Editor Feature: Genista Kippin!

Genista Kippin is one of our contributing editors and is currently pursuing her undergraduate degree in English. She recently wrote this feature as a response to reading Annie Dillard’s personal essay “Living Like Weasels,” with a particular consideration for human distance from nature.

A rabbit is jumpy: who knows what he thinks. He flits around our campus like it is his, although, I suppose, it actually is his and we simply placed our campus atop it. I, the frightened and slightly shrieking woman, am occupying his space, which is a far greater infringement onto him than his hoping on the campus grass could ever truly be to me. I, along with my blocky buildings and my cold concrete slabs and my asphalt pathways eerily cleared of any debris, have infiltrated and taken over his rightful space, and I am continuing to do so. No wonder the rabbit is jumpy.

Once, I was speaking to a friend that I bumped into along a particular path that crosses a large enough green space to be called nature, if of course you are not used to nature being the way nature naturally is. A rabbit began to hop, hop, hop across that grassy greenness towards where we were stopped talking. In that moment, standing there while he hopped at me, I felt stuck. He should have felt stuck, hopping as he was in the measly green space comprising all that was left of where the rabbits used to reign, between towering cement blocks and glistening glass walls. Yet, it was I who stopped listening to the friend across from me, explaining something, likely something mundane, about his day, once I’d focused upon the jumpy rabbit approaching with my heart beating at the same rate as his hopping. It was I who perceived the rabbit as a predator, when the rabbit himself had every business perceiving an approaching wolf or coyote or, in fact, me.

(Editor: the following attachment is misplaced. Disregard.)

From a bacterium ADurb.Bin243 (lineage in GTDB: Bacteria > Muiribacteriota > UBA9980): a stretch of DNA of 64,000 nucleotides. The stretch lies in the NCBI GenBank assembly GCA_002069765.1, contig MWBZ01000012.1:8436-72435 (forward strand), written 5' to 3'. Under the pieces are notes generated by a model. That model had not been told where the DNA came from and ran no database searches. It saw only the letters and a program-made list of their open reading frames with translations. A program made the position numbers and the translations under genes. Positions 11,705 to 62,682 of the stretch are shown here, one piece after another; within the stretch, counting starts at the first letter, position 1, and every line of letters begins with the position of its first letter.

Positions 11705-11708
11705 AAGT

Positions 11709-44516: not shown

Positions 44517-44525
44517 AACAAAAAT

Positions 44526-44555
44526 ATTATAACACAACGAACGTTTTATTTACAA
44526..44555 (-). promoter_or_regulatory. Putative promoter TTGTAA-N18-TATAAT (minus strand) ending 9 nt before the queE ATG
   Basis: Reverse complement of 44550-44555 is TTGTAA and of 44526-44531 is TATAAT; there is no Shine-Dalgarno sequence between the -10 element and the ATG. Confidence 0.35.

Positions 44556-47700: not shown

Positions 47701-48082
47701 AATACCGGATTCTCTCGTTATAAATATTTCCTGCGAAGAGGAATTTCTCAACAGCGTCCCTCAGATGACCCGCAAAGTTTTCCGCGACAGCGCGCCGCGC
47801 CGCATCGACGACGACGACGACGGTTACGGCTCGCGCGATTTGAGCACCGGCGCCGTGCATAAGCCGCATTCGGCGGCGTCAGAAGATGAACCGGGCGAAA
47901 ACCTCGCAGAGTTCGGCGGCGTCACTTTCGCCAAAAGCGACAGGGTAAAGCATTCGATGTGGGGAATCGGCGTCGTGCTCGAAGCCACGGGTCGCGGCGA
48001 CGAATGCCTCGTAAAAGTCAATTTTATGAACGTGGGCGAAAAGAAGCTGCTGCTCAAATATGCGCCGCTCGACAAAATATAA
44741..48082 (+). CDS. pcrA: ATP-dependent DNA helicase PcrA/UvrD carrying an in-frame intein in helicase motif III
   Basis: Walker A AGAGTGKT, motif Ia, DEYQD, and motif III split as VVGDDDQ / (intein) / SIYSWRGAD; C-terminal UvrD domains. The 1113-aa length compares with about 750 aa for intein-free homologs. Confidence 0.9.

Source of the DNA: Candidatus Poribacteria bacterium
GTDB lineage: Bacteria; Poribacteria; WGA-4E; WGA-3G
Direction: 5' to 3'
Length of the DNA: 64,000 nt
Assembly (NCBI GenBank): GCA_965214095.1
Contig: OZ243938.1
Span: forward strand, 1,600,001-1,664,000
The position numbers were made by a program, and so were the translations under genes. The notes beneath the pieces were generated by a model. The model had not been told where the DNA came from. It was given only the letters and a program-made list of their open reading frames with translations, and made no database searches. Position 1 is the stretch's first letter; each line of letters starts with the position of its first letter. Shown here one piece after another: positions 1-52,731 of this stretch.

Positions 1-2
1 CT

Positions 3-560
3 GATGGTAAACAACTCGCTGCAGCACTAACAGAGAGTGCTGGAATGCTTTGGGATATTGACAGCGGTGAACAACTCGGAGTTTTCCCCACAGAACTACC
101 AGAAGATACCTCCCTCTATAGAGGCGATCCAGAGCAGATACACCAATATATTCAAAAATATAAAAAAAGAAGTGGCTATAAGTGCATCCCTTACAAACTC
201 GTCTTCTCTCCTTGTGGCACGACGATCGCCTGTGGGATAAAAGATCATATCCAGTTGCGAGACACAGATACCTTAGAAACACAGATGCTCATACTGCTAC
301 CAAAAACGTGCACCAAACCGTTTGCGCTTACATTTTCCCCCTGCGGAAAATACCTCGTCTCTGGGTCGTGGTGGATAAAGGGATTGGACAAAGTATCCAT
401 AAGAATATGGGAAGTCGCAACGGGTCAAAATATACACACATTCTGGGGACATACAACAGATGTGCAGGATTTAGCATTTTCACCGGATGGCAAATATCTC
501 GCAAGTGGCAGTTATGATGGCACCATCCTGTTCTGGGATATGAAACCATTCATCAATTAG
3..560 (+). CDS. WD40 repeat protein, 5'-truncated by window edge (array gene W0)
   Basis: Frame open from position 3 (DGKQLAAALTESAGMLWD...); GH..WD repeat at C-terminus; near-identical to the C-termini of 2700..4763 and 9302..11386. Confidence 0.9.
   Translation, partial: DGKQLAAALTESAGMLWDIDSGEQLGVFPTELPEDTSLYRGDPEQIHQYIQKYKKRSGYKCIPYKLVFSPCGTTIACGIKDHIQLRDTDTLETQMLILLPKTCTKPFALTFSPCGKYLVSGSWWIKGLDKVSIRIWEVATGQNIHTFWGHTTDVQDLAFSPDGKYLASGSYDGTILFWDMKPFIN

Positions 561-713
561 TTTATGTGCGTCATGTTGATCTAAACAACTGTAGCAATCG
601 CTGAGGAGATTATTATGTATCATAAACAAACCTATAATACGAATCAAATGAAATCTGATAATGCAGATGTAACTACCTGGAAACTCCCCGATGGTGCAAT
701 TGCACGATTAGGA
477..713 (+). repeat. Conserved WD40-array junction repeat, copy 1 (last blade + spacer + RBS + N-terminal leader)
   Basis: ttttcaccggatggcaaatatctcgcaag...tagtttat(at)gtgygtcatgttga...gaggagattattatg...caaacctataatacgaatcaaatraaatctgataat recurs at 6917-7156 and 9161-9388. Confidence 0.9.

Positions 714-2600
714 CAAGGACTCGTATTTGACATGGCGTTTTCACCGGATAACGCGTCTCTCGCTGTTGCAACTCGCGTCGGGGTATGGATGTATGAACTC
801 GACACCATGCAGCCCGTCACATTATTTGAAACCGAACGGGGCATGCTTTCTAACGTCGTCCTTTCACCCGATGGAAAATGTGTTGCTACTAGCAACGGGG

Suddenly I wasn’t so stuck. My legs, almost on their own, sprung into action, and propelled me down the path beside the green space and towards my building. When I got inside, my heart was thumping with the sense of a near miss, although I am not sure what I feared that rabbit would do to me. I turned and looked across the green space, through a small window in the door, and saw the place where the path, the path I has just thundered down, curved gently around to the one side, and where both my friend and the rabbit stood frozen staring back at me, both looking rather confused. With the door securely latched, I pulled out my cell phone and typed: Sorry, had to run! A rabbit is jumpy… who knows what he thinks!